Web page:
Smart Cities and Climate Change: The Evolution and Curation of Knowledge
Urban Sustainability Laboratory Working Paper Series
Richard Tomlinson traces the evolution and curation of knowledge for climate change, smart cities and digital technologies at the metropolitan level. Tomlinson charts the forces underlying the evolution of urban knowledge, spanning the decades from 1990 to 2020, beginning with the collapse of the Soviet Union and the rise of neoliberalism, the development of the Web and digital technologies, globalization and global city competition, and the climate crisis.
Transnational city networks have played a significant role in curating this knowledge, producing roadmaps with recommendations for urban climate change mitigation and adaptation policies and programs, and sometimes also strategies for the digital transformation of cities. Attention to smart cities and their digital transformation is more common in Europe where city networks and European Union initiatives have promoted digital technologies while attending to concerns for citizen digital privacy and open data standards.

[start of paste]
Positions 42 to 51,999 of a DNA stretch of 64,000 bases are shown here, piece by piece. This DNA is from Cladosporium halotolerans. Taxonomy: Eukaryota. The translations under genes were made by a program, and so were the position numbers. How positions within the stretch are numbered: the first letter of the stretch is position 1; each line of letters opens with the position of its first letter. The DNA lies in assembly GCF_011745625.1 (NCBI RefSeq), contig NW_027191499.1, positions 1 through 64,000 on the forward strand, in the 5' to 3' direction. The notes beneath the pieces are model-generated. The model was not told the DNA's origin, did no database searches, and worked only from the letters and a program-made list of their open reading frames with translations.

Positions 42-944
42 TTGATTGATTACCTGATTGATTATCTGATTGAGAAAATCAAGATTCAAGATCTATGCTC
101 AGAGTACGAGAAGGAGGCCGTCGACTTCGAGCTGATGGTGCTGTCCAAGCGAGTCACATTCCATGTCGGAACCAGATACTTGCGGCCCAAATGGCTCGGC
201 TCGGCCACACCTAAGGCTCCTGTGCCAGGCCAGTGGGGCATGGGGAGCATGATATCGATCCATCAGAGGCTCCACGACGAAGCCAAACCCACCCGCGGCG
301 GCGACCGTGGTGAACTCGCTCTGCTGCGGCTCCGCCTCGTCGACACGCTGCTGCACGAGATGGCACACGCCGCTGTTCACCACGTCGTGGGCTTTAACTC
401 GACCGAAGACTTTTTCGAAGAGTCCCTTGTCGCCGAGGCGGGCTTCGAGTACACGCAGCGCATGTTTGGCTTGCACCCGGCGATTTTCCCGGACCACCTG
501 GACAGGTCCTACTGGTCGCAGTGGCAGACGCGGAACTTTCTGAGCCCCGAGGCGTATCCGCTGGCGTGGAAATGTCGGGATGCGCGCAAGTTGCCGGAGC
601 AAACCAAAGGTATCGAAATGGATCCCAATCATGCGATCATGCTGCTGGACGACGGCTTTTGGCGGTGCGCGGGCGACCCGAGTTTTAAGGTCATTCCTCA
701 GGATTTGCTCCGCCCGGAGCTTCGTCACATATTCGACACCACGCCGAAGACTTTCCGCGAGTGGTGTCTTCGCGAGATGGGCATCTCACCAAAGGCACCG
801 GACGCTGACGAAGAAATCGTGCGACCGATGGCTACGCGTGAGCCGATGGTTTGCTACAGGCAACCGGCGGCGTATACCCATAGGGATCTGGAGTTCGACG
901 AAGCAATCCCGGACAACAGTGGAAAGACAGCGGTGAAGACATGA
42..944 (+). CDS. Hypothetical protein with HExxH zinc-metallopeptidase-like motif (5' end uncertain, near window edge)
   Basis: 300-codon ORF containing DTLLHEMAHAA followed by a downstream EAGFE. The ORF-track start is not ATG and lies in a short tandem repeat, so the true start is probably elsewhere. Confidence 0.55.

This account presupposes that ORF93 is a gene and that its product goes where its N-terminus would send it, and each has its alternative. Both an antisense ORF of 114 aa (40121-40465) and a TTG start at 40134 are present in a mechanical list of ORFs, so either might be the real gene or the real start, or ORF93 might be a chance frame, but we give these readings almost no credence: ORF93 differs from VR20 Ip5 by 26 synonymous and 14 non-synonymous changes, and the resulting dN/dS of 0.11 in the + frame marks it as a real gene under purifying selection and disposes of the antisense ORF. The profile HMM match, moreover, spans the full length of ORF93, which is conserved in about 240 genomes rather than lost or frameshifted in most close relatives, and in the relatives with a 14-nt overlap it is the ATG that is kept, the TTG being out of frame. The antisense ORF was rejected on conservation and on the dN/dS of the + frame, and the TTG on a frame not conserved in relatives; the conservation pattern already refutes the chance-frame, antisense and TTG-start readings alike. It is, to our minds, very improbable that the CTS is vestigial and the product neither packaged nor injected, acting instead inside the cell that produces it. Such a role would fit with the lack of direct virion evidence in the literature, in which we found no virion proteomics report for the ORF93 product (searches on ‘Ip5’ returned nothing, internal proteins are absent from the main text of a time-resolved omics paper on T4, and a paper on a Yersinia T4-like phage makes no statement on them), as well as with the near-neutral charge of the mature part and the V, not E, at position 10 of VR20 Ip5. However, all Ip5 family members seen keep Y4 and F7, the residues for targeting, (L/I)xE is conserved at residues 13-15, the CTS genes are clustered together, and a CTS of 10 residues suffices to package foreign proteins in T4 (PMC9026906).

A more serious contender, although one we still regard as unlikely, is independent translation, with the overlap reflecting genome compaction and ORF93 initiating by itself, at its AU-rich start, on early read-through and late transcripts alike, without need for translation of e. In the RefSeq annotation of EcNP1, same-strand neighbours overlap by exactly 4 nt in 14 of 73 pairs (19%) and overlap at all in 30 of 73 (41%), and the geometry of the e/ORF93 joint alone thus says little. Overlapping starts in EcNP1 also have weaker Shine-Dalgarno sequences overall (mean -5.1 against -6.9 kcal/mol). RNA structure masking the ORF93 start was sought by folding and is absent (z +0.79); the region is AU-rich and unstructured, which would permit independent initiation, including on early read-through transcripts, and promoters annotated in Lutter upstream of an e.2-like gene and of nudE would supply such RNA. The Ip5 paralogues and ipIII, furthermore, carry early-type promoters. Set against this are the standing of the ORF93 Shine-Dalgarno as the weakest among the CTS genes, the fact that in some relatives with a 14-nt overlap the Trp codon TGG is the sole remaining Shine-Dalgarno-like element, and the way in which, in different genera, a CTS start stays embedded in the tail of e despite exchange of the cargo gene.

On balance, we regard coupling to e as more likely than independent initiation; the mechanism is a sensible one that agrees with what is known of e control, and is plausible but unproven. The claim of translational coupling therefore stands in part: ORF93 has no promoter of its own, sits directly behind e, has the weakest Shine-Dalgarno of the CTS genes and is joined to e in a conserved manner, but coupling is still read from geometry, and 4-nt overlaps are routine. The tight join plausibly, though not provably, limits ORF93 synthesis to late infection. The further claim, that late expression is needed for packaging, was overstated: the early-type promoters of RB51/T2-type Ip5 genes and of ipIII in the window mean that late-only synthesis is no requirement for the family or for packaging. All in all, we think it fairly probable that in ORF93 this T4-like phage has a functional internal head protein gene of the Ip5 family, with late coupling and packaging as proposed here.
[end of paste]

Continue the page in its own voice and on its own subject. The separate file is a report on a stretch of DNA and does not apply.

Tomlinson includes in the discussion the implications of neoliberalism and the role of opaque algorithms in constraining transparent governance and local democracy.
About the Author
Professorial Fellow, Faculty of Architecture, Building and Planning, University of Melbourne; Visiting Professor, School of Architecture and Planning, University of the Witwatersrand, Johannesburg
Urban Sustainability Laboratory
Since 1991, the Urban Sustainability Laboratory has advanced solutions to urban challenges—such as poverty, exclusion, insecurity, and environmental degradation—by promoting evidence-based research to support sustainable, equitable and peaceful cities. Read more